There's no getting around it: This is one grim, tough, upsetting book. Yet it's also shot through with a painful radiance and level intelligence...
There’s no getting around it: This is one grim, tough, upsetting book. Yet it’s also shot through with a painful radiance and level intelligence that keep you with it every step of the way.
Its 10 linked tales starkly recognize how even the most toxic family connections have some kind of love threaded through them. And its heroine, even in the worst circumstances, keeps fierce hold of her dignity — a dignity that may be a hair’s breadth from despair, but is no less genuine for that.
In other words, Corrina Wycoff’s fiction debut, “O Street” (OV Books/University of Illinois Press, 145 pp., $17.95), is pretty unusual stuff.
Wycoff lives in Seattle now. But the stories of “O Street” are set in the tenements of Jersey City, where protagonist Elizabeth Dinard (alternately “Beth” and “Lizzie”) grew up, and in various neighborhoods in Chicago, where she tries to invent a feasible life for herself — sometimes succeeding, sometimes backsliding horrifically.
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The abyss that keeps trying to reclaim her is her mother, Angela: a mentally ill drug addict whose jittery behavior and parade of sleazy, fellow-junkie boyfriends did serious criminal damage to Beth when she was young.
The reader gets a taste of what Angela is capable of in the opening story, “The Wrong Place To Be.” In Chicago, Beth gets a phone call from a Dr. Brant, informing her that her mother has had a heart attack and that if she wants to see her before she dies, Beth should get to Jersey City pronto: “Bring whatever money you can.”
Beth is leaving behind a decent job, a decent apartment and a decent lover, Rachel. In Jersey City, the hospital shows no Dr. Brant on its records and no patient answering to Angela’s description. Beth crumbles — but Wycoff, structuring her book with subtle wile, holds off revealing the extent to which she crumbles.
Corrina Wycoff reads from “O Street,” 7:30 p.m. Saturday in the RASP reading series, Stone House Cafe, 16244 Cleveland St., Redmond; free (425-867-1914 or www.rasp.cc), and 7 p.m. April 30, University Book Store, 4326 University Ave N.E., Seattle (with Stacey Levine); free (206-634-3400 or www.ubookstore.com).
The next few stories dip back into the past: the moment of total estrangement between Beth’s mother and grandmother; an episode where Angela is at the height of her mania; a harebrained wintertime move that mother and daughter make from Jersey City to a Jersey shore motel.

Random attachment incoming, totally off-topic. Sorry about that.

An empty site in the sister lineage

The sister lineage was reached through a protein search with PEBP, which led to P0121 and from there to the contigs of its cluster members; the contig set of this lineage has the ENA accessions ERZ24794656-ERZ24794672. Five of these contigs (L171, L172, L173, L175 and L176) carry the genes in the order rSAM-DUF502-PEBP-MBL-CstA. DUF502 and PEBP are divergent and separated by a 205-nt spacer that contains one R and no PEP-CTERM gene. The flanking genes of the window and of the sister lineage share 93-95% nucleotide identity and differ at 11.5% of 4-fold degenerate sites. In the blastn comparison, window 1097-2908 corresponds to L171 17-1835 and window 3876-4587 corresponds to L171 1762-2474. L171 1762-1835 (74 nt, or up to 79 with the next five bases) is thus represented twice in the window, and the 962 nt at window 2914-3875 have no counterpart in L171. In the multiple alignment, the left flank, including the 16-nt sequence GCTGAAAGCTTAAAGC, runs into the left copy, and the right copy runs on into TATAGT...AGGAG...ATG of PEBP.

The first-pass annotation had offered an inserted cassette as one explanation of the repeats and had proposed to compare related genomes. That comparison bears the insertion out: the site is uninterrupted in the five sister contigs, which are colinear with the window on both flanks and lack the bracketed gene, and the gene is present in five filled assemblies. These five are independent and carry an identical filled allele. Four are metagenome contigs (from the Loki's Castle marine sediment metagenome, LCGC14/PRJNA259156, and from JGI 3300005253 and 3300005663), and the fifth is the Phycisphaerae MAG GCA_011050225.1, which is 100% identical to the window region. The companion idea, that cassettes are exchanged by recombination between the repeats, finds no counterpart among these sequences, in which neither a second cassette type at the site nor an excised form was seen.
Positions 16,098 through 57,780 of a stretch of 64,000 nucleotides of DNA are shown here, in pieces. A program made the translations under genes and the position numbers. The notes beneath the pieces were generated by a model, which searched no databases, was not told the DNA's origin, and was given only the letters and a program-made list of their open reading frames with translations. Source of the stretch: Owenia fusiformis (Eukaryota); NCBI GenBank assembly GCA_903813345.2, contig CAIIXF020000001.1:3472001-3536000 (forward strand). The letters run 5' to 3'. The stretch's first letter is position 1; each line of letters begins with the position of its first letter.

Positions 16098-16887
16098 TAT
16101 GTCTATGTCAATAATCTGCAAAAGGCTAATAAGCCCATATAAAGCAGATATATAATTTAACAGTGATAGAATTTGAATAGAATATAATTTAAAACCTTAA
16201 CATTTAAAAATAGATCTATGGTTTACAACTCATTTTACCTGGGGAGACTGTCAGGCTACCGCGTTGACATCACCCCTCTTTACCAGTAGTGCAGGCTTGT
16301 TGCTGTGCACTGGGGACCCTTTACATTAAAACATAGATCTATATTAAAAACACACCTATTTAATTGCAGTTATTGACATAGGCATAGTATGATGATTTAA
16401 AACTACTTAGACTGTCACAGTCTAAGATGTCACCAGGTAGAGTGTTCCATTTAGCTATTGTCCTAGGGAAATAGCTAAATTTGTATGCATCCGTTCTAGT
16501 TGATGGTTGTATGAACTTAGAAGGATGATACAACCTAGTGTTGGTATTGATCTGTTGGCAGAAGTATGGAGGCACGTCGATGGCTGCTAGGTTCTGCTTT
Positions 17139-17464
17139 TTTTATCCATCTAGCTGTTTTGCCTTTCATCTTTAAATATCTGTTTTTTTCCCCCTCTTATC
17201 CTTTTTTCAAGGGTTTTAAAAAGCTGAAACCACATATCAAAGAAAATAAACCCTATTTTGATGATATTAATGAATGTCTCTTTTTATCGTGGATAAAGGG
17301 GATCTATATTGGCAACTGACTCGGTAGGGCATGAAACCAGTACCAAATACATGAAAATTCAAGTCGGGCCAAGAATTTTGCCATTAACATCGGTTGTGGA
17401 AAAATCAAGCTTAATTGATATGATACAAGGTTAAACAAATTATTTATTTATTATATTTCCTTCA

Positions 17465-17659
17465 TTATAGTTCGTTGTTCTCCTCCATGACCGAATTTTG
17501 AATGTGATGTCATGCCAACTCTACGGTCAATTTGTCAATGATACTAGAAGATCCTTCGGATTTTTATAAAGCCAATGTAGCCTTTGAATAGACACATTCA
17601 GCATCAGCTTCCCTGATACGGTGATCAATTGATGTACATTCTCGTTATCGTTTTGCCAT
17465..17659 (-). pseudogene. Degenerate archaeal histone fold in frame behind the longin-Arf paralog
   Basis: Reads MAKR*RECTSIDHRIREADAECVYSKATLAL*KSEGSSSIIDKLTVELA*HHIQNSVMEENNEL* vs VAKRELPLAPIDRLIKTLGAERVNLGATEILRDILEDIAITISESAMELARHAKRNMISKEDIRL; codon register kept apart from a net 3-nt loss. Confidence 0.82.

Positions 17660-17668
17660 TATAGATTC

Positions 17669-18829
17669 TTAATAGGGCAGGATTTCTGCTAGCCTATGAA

But it’s when we see 14-year-old Beth through the eyes of one of her schoolmates that we get the full measure of how monstrously Angela has treated her.
We already know that Beth, at 17, will manage to escape and use her native smarts “to make it, however tenuously, out of the underclass.” Still, there’s an echo of her mother’s psychic makeup in her — and a vulnerability to collapse that she has to fight to overcome.
Pride saves her, but pride almost kills her, too. Even if she were to overcome her pride and ask for help, there’s little assurance that the help she needs is anywhere to be found.
Wycoff’s primary aim is to alight on the story of Beth and her mother from every angle. But behind this is a broader ambition: to show how riddled with pitfalls any attempted escape from the American underclass is. The hazards, Wycoff shows, are psychological as much as they are physical or economic. The isolation Beth feels from every form of social stability undermines almost all her connections with people, no matter how responsibly or industriously she conducts herself.
As her girlfriend, Rachel, puts it, not unkindly: “I can’t keep reassuring you, you know … It’s tedious.”
Wycoff, here and elsewhere, displays a sharp ear for how speech can signal a gulf between social realities impossible to bridge. Even the smallest instances can trigger Beth’s awareness of that gulf — for instance when, while working a telephone survey job, she’s put off by “the pert answering machine messages that served as windows into brighter lives than hers.”
Wycoff neither sentimentalizes nor despairs at Beth’s fate. Instead, she portrays its brutal facts and unexpected turns with a clarity and immediacy that have formidable power. Most of all she does justice to the complex tenacity of connection that can exist between a dutiful, gullible daughter and an abusive train wreck of a mother.
Michael Upchurch: firstname.lastname@example.org